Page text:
Republican governors in states like Georgia, Tennessee, and South Carolina have announced plans to begin reopening their states’ economies despite warnings by health officials that it’s too early to do so. The decisions mean that businesses may soon start calling people back into work before they feel safe, creating a coronavirus-specific dilemma: If people in those states are offered their jobs back, but refuse to take them out of fear for their safety, they will likely no longer qualify for unemployment benefits—even though they’re taking the same precautions as people one state over.
The Department of Labor’s website explicitly states that “voluntarily deciding to quit your job out of a general concern about exposure to COVID-19 does not make you eligible for [Pandemic Unemployment Assistance].” A Department of Labor spokesperson confirmed to VICE that employees cannot continue to collect pandemic unemployment insurance if they refuse to “return to work out of general safety concerns.” They also noted that “when an individual is no longer eligible for PUA, they are also no longer eligible for the additional $600 in benefits.”
Susan Houseman, vice president of the W. E. Upjohn Institute for Employment Research explained in an email that the requirement is “designed to mitigate abuse of the system.”
Because of the COVID-19 crisis, Congress has temporarily expanded who is able to access unemployment benefits. Under normal circumstances, Americans lose their unemployment insurance in most states if they are offered work but don’t take it. But under the CARES Act, the new Pandemic Unemployment Assistance (PUA) program provides benefits access to groups including those who are diagnosed with or live with someone who has COVID-19, those who have come into direct contact with someone who tested positive and are told by a doctor to self-quarantine, and those with compromised immune systems.
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The current situation will potentially place workers in prematurely reopening states in a life-threatening position. Public health officials are warning that it’s still too early to relax social distancing guidelines and doing so could lead to a resurgence of the virus, and many people might rightfully think it’s too soon and too risky to go back to work. Yet if people don’t fall under the specific guidelines outlined by PUA and refuse to return to their former employer, they might risk losing their unemployment benefits and receiving no income at all.
Anne Carder, managing attorney at the Atlanta Legal Aid Society, told VICE that while she doesn’t have a firm answer yet, she’s “99.99 percent sure” that people won’t be eligible for unemployment benefits in Georgia if their businesses reopen and offer them work, but they don’t want to return because of general fears of getting sick. And, when it comes to gray areas in a person’s unemployment case, it’s up to state unemployment offices to decide, and those in conservative states can be more stringent. While one could appeal a decision, that could take a long time right now, given that unemployment offices are already backed up.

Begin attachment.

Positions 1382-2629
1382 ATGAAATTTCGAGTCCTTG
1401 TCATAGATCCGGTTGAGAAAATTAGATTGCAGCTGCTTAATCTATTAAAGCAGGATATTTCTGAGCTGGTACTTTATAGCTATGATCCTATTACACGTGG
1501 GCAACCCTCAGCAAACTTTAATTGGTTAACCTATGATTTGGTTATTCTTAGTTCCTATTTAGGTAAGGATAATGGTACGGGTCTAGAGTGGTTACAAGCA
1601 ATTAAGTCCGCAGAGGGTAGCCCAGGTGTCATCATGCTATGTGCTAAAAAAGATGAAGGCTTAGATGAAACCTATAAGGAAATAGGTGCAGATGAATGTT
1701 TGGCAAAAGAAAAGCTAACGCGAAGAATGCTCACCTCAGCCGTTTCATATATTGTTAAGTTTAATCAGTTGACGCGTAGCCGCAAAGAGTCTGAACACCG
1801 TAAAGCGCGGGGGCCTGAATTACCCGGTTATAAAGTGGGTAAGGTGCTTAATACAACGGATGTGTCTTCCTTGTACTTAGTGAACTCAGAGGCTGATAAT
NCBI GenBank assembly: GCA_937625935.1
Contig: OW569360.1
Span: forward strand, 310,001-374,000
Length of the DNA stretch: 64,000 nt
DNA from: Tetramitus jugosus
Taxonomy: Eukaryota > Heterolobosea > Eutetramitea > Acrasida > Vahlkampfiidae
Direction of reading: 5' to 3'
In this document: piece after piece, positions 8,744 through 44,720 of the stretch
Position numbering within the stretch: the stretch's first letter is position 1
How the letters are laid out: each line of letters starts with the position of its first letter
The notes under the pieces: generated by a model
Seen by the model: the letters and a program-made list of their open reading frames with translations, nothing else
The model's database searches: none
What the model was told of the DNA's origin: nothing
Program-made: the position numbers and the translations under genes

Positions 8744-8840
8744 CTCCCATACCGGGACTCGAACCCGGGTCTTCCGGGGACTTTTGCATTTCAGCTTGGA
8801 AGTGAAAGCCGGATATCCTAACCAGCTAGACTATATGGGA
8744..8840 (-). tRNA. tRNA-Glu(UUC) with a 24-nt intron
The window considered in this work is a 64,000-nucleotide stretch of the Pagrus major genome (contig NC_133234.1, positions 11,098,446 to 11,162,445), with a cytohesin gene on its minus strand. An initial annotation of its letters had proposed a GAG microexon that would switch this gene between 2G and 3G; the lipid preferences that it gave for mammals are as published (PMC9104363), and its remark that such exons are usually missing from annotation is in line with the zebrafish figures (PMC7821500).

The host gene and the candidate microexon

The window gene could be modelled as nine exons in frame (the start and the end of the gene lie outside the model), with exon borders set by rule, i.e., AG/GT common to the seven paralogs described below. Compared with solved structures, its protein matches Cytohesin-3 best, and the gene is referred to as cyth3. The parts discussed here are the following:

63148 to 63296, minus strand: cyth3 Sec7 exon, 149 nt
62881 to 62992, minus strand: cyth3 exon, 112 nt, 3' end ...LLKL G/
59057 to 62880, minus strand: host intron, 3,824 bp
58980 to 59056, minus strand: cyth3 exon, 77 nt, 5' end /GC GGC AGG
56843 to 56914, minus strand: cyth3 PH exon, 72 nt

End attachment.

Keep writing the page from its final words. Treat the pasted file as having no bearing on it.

Gary Burtless, a senior fellow at the Brookings Institute, said that state policies would differ on these questions.
"In some states I have little doubt the Unemployment Insurance agency will respect UI claimants’ assessment that the possibility of COVID-19 infection is a legitimate reason for workers to stay home, especially in the case of workers who have risk factors for COVID mortality (old age, diabetes, etc.). However, in other states, possibly including GA, TN & SC, I would expect UI agencies to be rather hard-nosed about UI claimants’ fears of contracting the COVID-19 coronavirus," Burtless wrote in an email.
That narrow interpretation of PUA guidelines could lead to states denying workers’ unemployment benefits, according to Michele Evermore, a senior policy analyst at the National Employment Law Project. Evermore pointed out that already, Georgia, South Carolina, and Tennessee all fall at the bottom of the list when it comes to the proportion of people who receive unemployment insurance.
Already, workers across the country are having trouble getting their benefits because state unemployment offices’ are unable to handle the influx of claims. Many have gone the entire pandemic without receiving any relief yet—and in many states, PUA has yet to kick in. Some people might go back to work not by choice, but because they have to get a paycheck right now to survive.
The businesses that are reopening are not clearly essential. For example, in Georgia, Governor Brian Kemp said that gyms, bowling alleys, and hair salons could reopen as early as Friday. There are a number of reasons why someone might think it’s not worthwhile to go back into these jobs and put their own health and the health of their loved ones in danger. But they might have to, or risk not getting any unemployment benefits at all.
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